Clinical supervision - enquiry of what happens in the USA

  1. I am currently undertaking a study exploring clinical supervision activity in an area of the UK. I am interested to know what fields of nursing in the USA have clinical supervision ( or if any do) and what process is followed, is it endorsed? or is it voluntary particpation?

    clinical supervision in the UK, general refers to a term used to describe a formal process of professional support and learning which enables individual practitioners to develop knowledge and competence, assume responsibility for their own practice and enhance patient protection and the safety of care in complex situations. According to the Department of Health it ‘is central to the process of learning and to the expansion of the scope of practice and should be seen as means of encouraging self-assessment as well as analytical and reflective skills’ (DOH, 1993). This is normally carried out with peers, or one-to-one with another colleague of your choice and is voluntary in nursing, where as in midwfery in the UK it is statutory.

    I would be really grateful of any information.

    thank you

    [ May 19, 2001: Message edited by: alikecher ]

    [ May 19, 2001: Message edited by: alikecher ]
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  2. 1 Comments

  3. by   jamistlc
    Originally posted by alikecher:
    <STRONG>I am currently undertaking a study exploring clinical supervision activity in an area of the UK. I am interested to know what fields of nursing in the USA have clinical supervision ( or if any do) and what process is followed, is it endorsed? or is it voluntary particpation?

    I would be really grateful of any information.

    thank you</STRONG>
    Greetings All Nurses,

    I am not sure by your term of clinical supervision? If I understand it, this is what we have here in the USA. In the Hospital we have a DON and probably a ADON (Director of Nursing and a Assistant Director of Nursing, respectively), this level of administration has a House Officer known as the head nurse during all shifts. This head nurse is at the top of the clinical suporvisor area! The next level is the Unit Managers often reffered to as Nurse Managers. I will explain in the USA, our hospitals are very specialized so the is a unit for all medical/surgical specialties! These may have specific diagnosis assigned to a particular floor based upon the DX. These may have over lapping specialties on one floor. Most would fall under the heading of Med/Surg but then are divided into areas like Neuro/Surg....so here the term "unit" usually refers to ICU, SICU, MICU.....except were it used with the term "manager" then it could be any clinical area or floor. The clinical supervision ladder remains the same, but many of our rural hospitals just have on floor, so all, but ER (Emergency Room) and Maternal Services clients are found there. During the absence of the Unit manager (and even when they are there) there is a "Charge Nurse' who supervises all nursing personnel on the floor. The chain of command is further broken down to RN (Registered Nurses) who is responsible for their clients and the LPN (Licensed practical Nurses clients IV'S) The LPN has their clients and then both of them supervise the CNA (Certified Nursing Aid or Assistant) AKA as a PCA (Patient Care Assistant). The floor/unit has a unit secetary who takes off the physicians orders and then a nurse double checks them and the MAR (Medication Adminitration Record). Then there is the anncilarry departments like lab, which has phlebotomists; housekeeping which usually has a person assigned to each floor (during the day) and the list goes on and on. I hope this answered your question with enough detail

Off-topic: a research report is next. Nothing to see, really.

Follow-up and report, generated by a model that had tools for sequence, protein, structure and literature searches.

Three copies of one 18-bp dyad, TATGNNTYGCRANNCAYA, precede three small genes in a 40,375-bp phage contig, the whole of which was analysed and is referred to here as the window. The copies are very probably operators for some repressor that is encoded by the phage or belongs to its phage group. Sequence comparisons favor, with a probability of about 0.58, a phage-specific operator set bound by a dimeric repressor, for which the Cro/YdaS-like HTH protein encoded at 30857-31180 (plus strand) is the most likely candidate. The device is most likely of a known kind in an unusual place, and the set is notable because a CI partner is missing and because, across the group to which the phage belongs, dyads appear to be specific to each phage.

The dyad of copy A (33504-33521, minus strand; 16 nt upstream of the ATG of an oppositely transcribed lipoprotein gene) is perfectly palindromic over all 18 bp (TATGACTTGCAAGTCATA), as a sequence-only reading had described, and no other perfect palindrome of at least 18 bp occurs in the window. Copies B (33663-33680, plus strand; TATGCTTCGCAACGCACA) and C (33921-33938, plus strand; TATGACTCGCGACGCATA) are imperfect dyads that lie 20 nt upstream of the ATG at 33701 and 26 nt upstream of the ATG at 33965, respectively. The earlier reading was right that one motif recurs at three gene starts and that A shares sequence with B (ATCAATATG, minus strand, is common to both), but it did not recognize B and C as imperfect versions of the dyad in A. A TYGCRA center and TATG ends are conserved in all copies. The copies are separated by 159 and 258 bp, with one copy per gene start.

One more point under the LPN we have a certification that allows us in many states to practice limited IV therapy, no push meds (except flushes) and no piggy backs or admixtures just fluids for hydration. We also can not do TPN.

    Peace,
    have a Blessed Day,
    Jami

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